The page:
When superintendents take the Future Ready Pledge, they’re saying “yes” to the implementation of personalized, research-based digital learning strategies so all students achieve their full potential. My hope is these leaders recognize the importance of aligning technology with effective instructional strategies to support teaching and student advancement. This means the superintendents aren’t innovation junkies. Rather, they understand “… pedagogy is the driver and digital is the accelerator to go faster and deeper into learning for all” (Coherence, page 81). Of course, simply signing a pledge will not make this happen; there’s a lot of hard work that must take place to become Future Ready. As I mentioned, it all starts with the superintendent taking the Future Ready Pledge. Afterward, there is a 5 Step Process:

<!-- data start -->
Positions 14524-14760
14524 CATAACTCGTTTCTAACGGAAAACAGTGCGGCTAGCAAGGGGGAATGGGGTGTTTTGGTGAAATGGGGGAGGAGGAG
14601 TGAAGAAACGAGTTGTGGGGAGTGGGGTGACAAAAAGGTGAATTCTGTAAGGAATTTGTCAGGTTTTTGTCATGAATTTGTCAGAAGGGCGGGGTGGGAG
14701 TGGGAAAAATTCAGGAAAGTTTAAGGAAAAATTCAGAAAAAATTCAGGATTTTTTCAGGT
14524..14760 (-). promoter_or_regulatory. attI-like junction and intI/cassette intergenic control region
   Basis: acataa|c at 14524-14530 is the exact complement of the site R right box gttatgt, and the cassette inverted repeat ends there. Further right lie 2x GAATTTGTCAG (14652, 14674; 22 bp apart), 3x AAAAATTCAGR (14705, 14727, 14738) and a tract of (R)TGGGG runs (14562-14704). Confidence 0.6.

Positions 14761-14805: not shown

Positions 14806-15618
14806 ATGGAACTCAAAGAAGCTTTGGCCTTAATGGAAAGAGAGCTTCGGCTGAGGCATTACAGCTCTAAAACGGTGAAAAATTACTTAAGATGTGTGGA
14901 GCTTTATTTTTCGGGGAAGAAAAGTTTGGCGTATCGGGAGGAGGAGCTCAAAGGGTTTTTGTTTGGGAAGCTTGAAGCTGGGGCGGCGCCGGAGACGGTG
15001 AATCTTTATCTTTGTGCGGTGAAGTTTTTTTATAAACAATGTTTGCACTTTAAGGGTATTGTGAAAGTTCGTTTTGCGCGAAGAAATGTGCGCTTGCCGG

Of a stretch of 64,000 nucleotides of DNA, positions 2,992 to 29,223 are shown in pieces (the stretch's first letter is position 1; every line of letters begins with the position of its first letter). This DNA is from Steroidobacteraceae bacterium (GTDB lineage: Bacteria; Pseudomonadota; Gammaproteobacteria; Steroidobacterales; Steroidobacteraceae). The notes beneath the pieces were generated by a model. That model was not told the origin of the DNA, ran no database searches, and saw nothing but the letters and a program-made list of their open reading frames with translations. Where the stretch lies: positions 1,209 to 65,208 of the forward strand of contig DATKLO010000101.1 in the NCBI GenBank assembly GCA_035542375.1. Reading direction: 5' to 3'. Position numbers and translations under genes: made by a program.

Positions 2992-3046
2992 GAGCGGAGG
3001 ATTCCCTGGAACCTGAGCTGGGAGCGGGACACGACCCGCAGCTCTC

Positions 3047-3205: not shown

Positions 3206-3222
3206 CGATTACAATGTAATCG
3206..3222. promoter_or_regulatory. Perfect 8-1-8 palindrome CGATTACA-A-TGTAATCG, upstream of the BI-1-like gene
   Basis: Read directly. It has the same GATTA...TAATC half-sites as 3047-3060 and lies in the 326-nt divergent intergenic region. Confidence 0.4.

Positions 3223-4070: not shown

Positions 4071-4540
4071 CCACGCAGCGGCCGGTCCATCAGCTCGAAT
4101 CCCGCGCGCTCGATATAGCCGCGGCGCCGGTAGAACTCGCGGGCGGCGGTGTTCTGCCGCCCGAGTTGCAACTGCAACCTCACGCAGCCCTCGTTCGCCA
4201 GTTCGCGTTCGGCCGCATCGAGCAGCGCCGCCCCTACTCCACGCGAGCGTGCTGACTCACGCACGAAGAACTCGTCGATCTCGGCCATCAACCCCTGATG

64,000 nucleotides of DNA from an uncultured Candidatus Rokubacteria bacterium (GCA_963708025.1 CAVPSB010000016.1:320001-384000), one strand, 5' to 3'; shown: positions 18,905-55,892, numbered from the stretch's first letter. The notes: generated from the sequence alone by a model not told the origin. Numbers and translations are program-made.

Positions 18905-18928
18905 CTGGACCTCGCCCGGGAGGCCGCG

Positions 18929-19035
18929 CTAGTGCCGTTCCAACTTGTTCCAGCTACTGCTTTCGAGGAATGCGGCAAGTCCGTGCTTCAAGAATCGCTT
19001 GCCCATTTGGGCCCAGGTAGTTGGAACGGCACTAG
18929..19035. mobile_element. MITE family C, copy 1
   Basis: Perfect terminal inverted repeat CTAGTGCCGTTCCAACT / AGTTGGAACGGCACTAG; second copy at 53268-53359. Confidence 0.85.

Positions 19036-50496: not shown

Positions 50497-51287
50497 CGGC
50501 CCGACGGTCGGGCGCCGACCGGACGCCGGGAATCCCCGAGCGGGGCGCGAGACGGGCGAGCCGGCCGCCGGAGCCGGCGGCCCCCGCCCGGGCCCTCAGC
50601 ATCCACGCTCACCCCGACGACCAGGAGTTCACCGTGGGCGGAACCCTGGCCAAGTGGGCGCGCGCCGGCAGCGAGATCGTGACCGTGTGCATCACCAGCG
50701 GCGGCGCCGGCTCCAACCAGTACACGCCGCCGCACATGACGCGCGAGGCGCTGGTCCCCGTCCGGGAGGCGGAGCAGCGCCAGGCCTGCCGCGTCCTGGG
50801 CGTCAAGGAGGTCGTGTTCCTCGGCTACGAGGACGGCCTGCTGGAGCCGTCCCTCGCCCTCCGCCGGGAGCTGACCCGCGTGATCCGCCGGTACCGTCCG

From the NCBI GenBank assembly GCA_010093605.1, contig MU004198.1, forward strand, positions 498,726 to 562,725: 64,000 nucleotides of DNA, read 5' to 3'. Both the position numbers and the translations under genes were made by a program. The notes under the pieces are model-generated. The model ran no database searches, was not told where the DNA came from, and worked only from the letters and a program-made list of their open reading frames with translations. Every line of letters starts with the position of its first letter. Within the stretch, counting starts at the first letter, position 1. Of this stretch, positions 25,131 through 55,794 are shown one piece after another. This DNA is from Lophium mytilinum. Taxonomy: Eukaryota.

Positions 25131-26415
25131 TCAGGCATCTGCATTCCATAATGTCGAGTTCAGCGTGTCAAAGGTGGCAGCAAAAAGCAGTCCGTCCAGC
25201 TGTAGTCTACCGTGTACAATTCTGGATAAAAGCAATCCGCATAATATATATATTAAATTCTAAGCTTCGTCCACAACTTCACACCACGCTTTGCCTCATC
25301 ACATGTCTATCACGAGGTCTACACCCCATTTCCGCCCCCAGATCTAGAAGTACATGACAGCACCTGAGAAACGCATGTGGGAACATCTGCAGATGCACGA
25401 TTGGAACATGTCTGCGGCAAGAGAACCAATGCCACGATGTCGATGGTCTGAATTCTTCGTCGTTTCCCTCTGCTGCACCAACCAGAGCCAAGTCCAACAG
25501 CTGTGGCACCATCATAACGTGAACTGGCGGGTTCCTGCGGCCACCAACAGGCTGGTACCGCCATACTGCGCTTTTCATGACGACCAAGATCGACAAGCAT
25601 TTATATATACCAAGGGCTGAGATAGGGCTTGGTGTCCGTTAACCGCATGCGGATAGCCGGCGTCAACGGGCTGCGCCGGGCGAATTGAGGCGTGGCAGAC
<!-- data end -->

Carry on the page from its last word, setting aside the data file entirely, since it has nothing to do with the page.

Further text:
- Step 1: Create a Future Ready Leadership Planning Team
- Step 2: Take the Future Ready District Leadership Self-Assessment
- Step 3: Gather Input From Stakeholders; Analyze Gaps and Strategies
- Step 4: Create Your Future Ready Action Plan
- Step 5: Export, Share, Connect, and Repeat!
By the end of last school year, the Panama-Buena Vista Union School District in Bakersfield, CA, finished Steps 1 through 3. This means we began the current school year with the gaps and strategies provided by our District Leadership Self-Assessment, as well as the additional strategies from our Future Ready Leadership Planning Team. It was now time to begin Step 4: the creation of the Future Ready Action Plan.